The Brexit camp's highly personalised onslaught on Prime Minister David Cameron has been condemned by a leading Out advocate.
Labour former minister Frank Field warned that "putting sticky fingers into people's souls" would backfire for the Leave push.
The interventions followed a weekend of Tory warfare in which pro-Brexit Conservative MPs branded Mr Cameron "corrosive" and a "liar" as they openly plotted to try to oust him even if Remain achieves a narrow win in the referendum.
Mr Field told BBC Radio Four's Westminster Hour. "The first mistake I think our side has made has been to question the Prime Minister's integrity. I think it's a mistake to put your sticky fingers into people's souls and say they're debasing public life.
"I think it would be very good for our Out campaign to actually concentrate on issues and not on the integrity of the other side."
Tory Lord Finkelstein said that while rebel claims they could muster the 50 signatures needed to force a no confidence vote in the Prime Minister were probably true, it would be much harder to bring him down.
"I think it will not be difficult to find 50 people who are discontented with David Cameron at the end, probably more, but I think it would be very hard to produce a majority of the Conservative Party that wanted to remove him.
"And that I think will make even those who are against him think twice before they start a letter campaign that might end up strengthening him not weakening him," he told the BBC.
The comments came after arch backbench critic Nadine Dorries predicted Mr Cameron would be "toast" even if Remain edged a win in the June 23 referendum.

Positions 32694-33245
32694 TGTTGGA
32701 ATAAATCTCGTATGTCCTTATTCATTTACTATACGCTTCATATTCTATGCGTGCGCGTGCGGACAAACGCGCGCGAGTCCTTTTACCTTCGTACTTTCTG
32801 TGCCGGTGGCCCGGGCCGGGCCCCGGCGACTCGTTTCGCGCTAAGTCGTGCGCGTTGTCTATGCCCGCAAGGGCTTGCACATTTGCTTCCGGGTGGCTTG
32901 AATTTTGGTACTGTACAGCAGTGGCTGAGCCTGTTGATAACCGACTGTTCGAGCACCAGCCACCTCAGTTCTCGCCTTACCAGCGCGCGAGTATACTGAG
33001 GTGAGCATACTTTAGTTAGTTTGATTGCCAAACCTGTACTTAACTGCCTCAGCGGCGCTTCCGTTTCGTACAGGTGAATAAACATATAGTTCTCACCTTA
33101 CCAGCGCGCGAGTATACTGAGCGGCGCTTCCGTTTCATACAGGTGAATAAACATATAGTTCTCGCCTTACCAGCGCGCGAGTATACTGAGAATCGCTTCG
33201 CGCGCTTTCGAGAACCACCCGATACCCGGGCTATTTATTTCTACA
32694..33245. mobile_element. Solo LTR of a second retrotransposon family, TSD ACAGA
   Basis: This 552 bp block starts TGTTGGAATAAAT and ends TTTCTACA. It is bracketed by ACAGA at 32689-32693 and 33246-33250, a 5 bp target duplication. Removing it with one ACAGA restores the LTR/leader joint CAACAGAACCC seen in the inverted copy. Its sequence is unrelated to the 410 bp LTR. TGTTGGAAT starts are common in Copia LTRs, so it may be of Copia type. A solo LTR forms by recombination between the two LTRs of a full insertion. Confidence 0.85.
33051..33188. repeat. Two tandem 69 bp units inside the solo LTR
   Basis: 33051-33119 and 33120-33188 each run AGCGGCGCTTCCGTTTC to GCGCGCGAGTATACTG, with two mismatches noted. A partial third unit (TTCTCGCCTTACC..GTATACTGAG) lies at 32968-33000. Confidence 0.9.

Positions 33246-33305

The Mid-Bedfordshire MP said she had already sent a letter to the 1922 backbench committee, which she indicated called for a no confidence vote in Mr Cameron.
"If the Remain campaign wins by a large majority, I'd say it would have to be 60-40, then David Cameron might just survive, but if Remain win by a narrow majority, or if Leave, as I certainly hope, will win, he's toast within days. There are many issues about which David Cameron has told outright lies," Ms Dorries told ITV.
Fellow Brexiteer MP Andrew Bridgen insisted more than the 50 colleagues needed to trigger such a poll were ready to move against the Prime Minister, as Boris Johnson branded Mr Cameron "corrosive".
The PM was campaigning alongside London mayor Sadiq Khan in a show of cross-party unity even though Mr Cameron lambasted the Labour figure's "poor judgement" just weeks ago during the bruising battle for City Hall.
Mr Khan defended his decision to share a platform with Mr Cameron - despite Labour MPs shouting the Prime Minister down in the Commons as a "racist" when he attacked the now mayor - because he said Remain was in London's interest and he did not want to hold grudges.
Mr Cameron was set to try to brush off the Tory squall over his future as he attempts to shift the battle back on to the economic impact of Brexit.
Number 10 dismissed the personal attacks as a "distraction" intended to move attention away from the economic arguments for Remaining in the EU.
Meanwhile, green belt land will have to be sacrificed to housing estates in order to deal with continued mass migration, pro-Brexit Cabinet Minister Chris Grayling warned.
Pressure on public services, and the move to build on previously protected countryside, will be the price of staying in the EU, according to the Commons Leader.
Mr Grayling warned that migration from the rest of the EU will "change the face" of the UK forever, according to the Daily Telegraph.
And the Remain campaign accused Mr Johnson of being unable to give clear answers when asked the future of British farming, and the level of agricultural subsidies post-Brexit on BBC's Countryfile.